Quince

By Gina Marzolo, graduate student of agricultural sciences, California State Polytechnic University, Pomona, grmarzolo@cpp.edu, March 2016.

Edited by Dan Lee, communications specialist – College of Agriculture, California State Polytechnic University, Pomona, dblee@cpp.edu, March 2016.

Introduction

Quince (Cydonia oblonga) belongs to the Rosaceae family, which includes apples and pears. Some quince varieties are palatable uncooked, but most quince are quite firm when ripe and have an astringent flavor when not cooked. When cooked however, the fruit develops a pretty pink blush, becomes tender, and develops a sweet and slightly tart flavor (McCandlish, 2009) (Durand, 2014). Quince is native to Caucasus, Transcaucasia and Central Asia (Quince – University of California, Davis, 2016).

The acreage of quince grown in the United States is relatively small, making the fruit a specialty crop. California is the only place in the United States that grows quince commercially, and the fruit is primarily grown within the Central Valley (Karp, 2009) (Quince Orchard Management – UCANR, 2016). The most popular commercial variety grown is named Pineapple and was cultivated by Luther Burbank. Burbank was an American botanist and horticulturalist who developed hundreds of new fruit varieties. He introduced the Pineapple variety of quince in 1899 (Karp, 2009) (Kasper, n.d.).

Marketing Channels

Quince fruit have a very similar harvesting timeframe to that of European pears (Quince Orchard Management – UCANR, 2016). In California, quince fruit are harvested from mid August to early November and can be available for purchase up through January (Karp, 2009). Quince is mainly sold fresh at local farmers’ markets, but it can also be found at specialty grocery stores. Processed quince products can be found through all marketing channels: farmers’ markets, specialty grocery stores, and online.

Quince has a flavor that lends itself well to both sweet and savory dishes. Quince can be baked and poached or incorporated into pies and cobblers. The fruit is often used in savory dishes to balance the richness of meats (Slater, 2015) (Kasper, n.d.).

To further add value, quince can be processed into products such as chutney, jams and jellies, juice, marmalade, puree, and liquors and wine (Tortorello, 2012). Throughout Europe, the Middle East, and Latin American countries, quince is commonly processed into a semi-solid paste known as membrillo. To enjoy, membrillo is cut into thin slices and spread on toast or served with cheese (Bauer, 2007).

Production

The world approximately grows 106,000 acres of quince. Turkey is the top producer of the fruit, growing roughly 26,500 acres (FAOSTAT, 2015) (Hummer et al, 2001). The United States grows between 180-300 acres of quince commercially (Karp, 2009) (Quince – University of California, Davis, 2016). California produced approximately 205 tons of quince with a value of almost $440,000 in 2012 (CDFA, 2012).

Quince plants are grown for their fruit, but they are also commonly grown as a dwarfing rootstock for grafting pears (Postman, 2009).

Quince fruit were once widely grown in the United States (more than 900 acres), primarily for their high pectin concentrations. Pectin helps to set jellies, pastes and preserves (Karp, 2009) (McCandlish, 2009). However, the use of quince declined with the invention of powdered gelatin in the 1890s (Postman, 2009).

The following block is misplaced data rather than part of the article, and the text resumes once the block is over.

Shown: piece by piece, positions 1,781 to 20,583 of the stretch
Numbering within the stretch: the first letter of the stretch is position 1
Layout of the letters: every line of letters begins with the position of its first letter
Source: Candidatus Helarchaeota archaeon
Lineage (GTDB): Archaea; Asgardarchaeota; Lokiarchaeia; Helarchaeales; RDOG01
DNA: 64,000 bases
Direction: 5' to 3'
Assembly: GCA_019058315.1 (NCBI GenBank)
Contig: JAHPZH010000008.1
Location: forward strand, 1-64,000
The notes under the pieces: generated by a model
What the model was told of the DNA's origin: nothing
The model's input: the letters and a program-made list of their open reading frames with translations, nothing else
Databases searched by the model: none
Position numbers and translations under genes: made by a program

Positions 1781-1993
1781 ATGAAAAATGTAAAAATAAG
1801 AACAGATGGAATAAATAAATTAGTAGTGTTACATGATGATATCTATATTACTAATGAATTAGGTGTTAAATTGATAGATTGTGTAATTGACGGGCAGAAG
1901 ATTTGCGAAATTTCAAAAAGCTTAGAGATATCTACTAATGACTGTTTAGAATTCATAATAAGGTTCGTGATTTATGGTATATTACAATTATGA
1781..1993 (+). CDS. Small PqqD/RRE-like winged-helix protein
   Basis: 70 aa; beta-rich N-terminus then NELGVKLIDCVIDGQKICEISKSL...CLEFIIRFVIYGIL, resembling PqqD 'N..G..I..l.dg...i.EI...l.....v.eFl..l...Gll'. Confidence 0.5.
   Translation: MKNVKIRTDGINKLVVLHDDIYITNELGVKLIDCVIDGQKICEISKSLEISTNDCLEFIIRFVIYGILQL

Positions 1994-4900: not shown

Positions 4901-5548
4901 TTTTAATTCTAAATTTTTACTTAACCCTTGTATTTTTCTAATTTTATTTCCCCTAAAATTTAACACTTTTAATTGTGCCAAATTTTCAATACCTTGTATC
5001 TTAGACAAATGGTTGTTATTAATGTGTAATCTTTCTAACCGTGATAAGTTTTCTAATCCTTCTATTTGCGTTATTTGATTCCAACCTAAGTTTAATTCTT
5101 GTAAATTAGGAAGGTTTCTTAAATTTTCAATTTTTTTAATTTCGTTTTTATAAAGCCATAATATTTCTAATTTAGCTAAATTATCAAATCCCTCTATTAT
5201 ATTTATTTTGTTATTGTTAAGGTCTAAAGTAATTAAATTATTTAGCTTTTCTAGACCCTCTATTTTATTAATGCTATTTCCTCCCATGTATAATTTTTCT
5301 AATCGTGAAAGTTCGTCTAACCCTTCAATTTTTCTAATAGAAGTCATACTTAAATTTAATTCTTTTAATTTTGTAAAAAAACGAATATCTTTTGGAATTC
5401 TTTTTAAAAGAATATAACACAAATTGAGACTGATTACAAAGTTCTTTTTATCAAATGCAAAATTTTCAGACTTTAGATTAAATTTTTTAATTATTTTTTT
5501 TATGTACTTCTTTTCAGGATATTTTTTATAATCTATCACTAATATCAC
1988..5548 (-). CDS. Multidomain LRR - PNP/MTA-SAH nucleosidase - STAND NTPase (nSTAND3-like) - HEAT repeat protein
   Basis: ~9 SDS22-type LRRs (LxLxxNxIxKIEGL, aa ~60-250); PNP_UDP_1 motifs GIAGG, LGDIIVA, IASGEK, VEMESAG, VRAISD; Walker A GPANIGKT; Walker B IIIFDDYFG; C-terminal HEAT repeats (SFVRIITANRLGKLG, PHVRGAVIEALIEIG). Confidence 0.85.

But quince is making a comeback. Many high-end restaurants have featured quince because it is a specialty fruit. Quince is becoming more commonly found  season after season at farmers’ markets and specialty grocery stores (Quince – Grub Americana, 2013) (Stone, 2015) (Quince – CUESA, 2016). The National Clonal Germplasm Repository in Corvallis, Ore., is researching the quince, looking into traits such as cold hardiness, larger fruit production and disease resistance (ARS, 2015).

Exports/Imports/United States Consumption

Since quince is a re-emerging fruit crop in the United States, there is currently no export, import, or per capita consumption data available reported through the U.S. Department of Agriculture’s Economic Research Service or Foreign Agricultural Service (ERS, 2016) (FAS, 2016).

Management

The growing requirements for quince are very similar to that of apples and pears since they belong to the same family. However, quince does not require as many chilling hours to produce fruit (Zane, 2015).

Managing fire blight is one of the most essential practices for growing quince trees.  Fire blight is a disease caused by the bacterial pathogen Erwinia amylovora. The disease commonly affects plants in the Rosaceae family. Pear (Pyrus species) and quince (Cydonia species) are extremely susceptible to the disease (UC-IPM, 2011).

Canker is one of the main symptoms of fire blight and can occur on twigs, branches, or the trunk of the tree. Areas infected from previous seasons die, sink in, and become soaked with bacterial ooze that exudes from the infection site. Furthermore flowers, leaves and small twigs appear burnt, thus the name “fire blight” (UC-IPM, 2011).

Fire blight is most likely to occur when temperatures of 75 to 85 degrees Fahrenheit are followed by sporadic rain, but proper management can lessen the disease from occurring. The tissue of fast growing trees is very sensitive, and thus growers should avoid activities such as heavy fertilization and excessive pruning, because they promote quicker growth. Growers should also avoid irrigating during flower bloom; they should monitor and remove fire-blight-infected areas diligently (UC-IPM, 2011).

Financial

The total cost for growing quince can be up to 40 percent less than growing apples, according to Erin Schneider, co-owner of Hilltop Community Farm.

Sources


Links checked March 2016.